After our recent class discussion concerning the role of advisors and mentors in academia, I decided to write about an interesting phenomenon that can occur in academia as well as many other social settings. This phenomenon is known as gaslighting, or the act of manipulating someone by psychological means into questioning their own sanity. It’s inspired by the 1940 and 1944 films “Gas Light,” in which a husband systematically manipulates his wife in order to make her feel crazy.

At its core, gaslighting is a form of emotional abuse that slowing eats away at a person’s ability to make judgement. It is a form of psychological abuse in which false information is presented with the intent of making a victim doubt his or her own memory, perception and sanity. It may range simply from the denial by an abuser that previous abusive incidents ever occurred, up to the staging of bizarre vents by the abuser with the intention of disorienting the victim. Even more, gaslighters have the ability spin their own negative, harmful and destructive words and/or actions in their favor, ultimately portraying themselves as the victim.

So, why do I bring this up and what does it have to do with academics? One of the primary relationships that we encounter in a graduate program is with our advisor and committee members. This type of relationship, no matter the department or social relationship that you may have with these people outside of an academic setting, is known for its uneven power structure, where the advisor has the power and the graduate student has little to none. Because of this uneven power structure, some graduate students are left at the mercy of their advisor and their outrageous whims.

Now that we know what gaslighting is and how it could easily be employed by someone in power, i.e. an advisor or committee member, what does it look like and how can someone who is the victim of gaslighting deal with this overwhelmingly difficult and confusing situation?

Academic Scenario: Lydia has been working in her department for the past seven years. She has asked her advisor many times when she will be ready to defend and graduate. Her advisor says she isn’t ready even though Lydia has confirmed with other students and committee members that her work is more than sufficient and that she has gone above and beyond in her lab duties and responsibilities. Lydia’s advisor also has a side business where he designs computer programs and has asked Lydia countless times to stay late running simulations and tests even though the project has nothing to do with her research and dissertation. He has also asked her several times to pick up his dry cleaning and to bring him lunch. Finally, as Lydia’s work piles up to an unbearable level, she tells her advisor that she needs time to focus on completing her dissertation work if she hopes to graduate in the Spring. Her advisor then begins to tell Lydia that at this pace she should expect not to graduate anytime soon and that she will have to log more lab time and prove her commitment to him as well as the department. When Lydia brings this point up in her committee meeting her advisor denies having said and done those things and blames Lydia for being too tired from partying all the time and accuses her of slacking due to an “alcohol dependence.” Lydia is dumbfounded, confused, belittled, and embarrassed. From then on Lydia accepts all extra demands and chores from her advisor, no matter how much work she has, or how demeaning the tasks are.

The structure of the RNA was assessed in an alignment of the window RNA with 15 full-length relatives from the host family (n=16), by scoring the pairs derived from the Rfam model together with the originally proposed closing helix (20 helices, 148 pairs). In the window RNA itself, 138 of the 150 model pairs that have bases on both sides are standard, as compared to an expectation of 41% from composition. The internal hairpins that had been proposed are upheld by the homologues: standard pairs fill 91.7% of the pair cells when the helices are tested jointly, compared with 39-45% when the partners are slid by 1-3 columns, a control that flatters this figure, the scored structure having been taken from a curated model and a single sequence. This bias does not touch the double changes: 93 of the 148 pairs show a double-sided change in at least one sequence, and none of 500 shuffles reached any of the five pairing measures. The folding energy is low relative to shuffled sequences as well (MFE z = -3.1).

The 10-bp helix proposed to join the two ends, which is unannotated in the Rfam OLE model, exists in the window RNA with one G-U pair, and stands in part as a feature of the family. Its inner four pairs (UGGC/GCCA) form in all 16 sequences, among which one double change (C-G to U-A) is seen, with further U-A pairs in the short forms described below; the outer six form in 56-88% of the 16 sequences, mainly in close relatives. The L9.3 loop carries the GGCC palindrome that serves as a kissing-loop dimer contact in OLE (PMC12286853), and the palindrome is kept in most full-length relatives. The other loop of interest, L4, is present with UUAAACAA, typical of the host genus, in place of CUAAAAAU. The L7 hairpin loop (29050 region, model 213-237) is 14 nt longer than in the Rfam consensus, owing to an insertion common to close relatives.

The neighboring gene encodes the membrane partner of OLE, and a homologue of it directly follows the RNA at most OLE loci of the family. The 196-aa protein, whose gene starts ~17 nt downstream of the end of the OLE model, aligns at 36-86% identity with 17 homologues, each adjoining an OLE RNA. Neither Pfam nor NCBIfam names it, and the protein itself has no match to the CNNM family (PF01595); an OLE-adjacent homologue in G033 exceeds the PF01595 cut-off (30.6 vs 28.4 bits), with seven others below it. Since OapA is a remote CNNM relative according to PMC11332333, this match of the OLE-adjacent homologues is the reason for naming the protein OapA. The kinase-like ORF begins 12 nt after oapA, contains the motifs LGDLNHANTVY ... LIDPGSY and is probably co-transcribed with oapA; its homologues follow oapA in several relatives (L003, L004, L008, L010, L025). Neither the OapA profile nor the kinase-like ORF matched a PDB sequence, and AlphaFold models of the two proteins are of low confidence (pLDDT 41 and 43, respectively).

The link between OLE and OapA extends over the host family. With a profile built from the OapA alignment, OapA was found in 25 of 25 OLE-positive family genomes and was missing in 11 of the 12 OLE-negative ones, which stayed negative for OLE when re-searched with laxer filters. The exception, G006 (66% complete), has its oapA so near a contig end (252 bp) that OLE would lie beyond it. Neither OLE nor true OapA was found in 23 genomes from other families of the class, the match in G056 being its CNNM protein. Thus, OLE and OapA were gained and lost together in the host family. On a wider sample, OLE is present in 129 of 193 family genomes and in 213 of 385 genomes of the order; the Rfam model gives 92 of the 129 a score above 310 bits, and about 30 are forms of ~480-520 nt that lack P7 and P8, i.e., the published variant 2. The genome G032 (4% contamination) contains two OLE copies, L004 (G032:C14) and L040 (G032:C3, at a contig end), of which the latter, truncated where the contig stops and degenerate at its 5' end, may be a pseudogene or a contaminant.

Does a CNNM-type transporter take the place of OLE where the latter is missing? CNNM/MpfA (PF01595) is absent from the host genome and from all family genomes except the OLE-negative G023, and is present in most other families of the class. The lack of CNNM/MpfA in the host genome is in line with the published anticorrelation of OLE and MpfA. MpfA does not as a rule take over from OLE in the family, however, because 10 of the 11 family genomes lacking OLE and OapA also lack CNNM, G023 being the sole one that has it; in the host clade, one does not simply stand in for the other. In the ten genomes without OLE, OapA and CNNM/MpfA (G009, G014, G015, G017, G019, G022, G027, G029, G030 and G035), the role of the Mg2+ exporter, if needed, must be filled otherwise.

Almost all of us have experienced gaslighting in one form or another, at work, school, or even in your home life. If you feel as though your self-esteem, confidence and independence has suffered due to gaslighting, you are not alone. There are ways in which you can combat the situation and to ultimately come out on top.

  1. Get Professional Help – With the uneven power structure that occurs between advisors and advisees it is often difficult to deal with this problem on your own. Seek help from University Human Resources and if bad enough, seek out a meeting with the Dean of the Graduate school.
  2. Don’t engage with your gaslighting partner – Not saying anything is sometimes the best response and gives the person less fuel to use against you in the future.
  3. Keep a record – Often times HR personnel will use this information to form a formal case against a harasser. This will also help you, the victim, to see physical evidence of your emotional abuse and give courage and a voice to your struggle.
  4. Remove yourself from the situation and find a new advisor – Only under dire straights would I recommend someone leave their position and find a new advisor, however if other methods have failed this is usually the best choice.

So, are you experiencing gaslighting? Do you know someone else who is? Do you have any recommendations that would help others?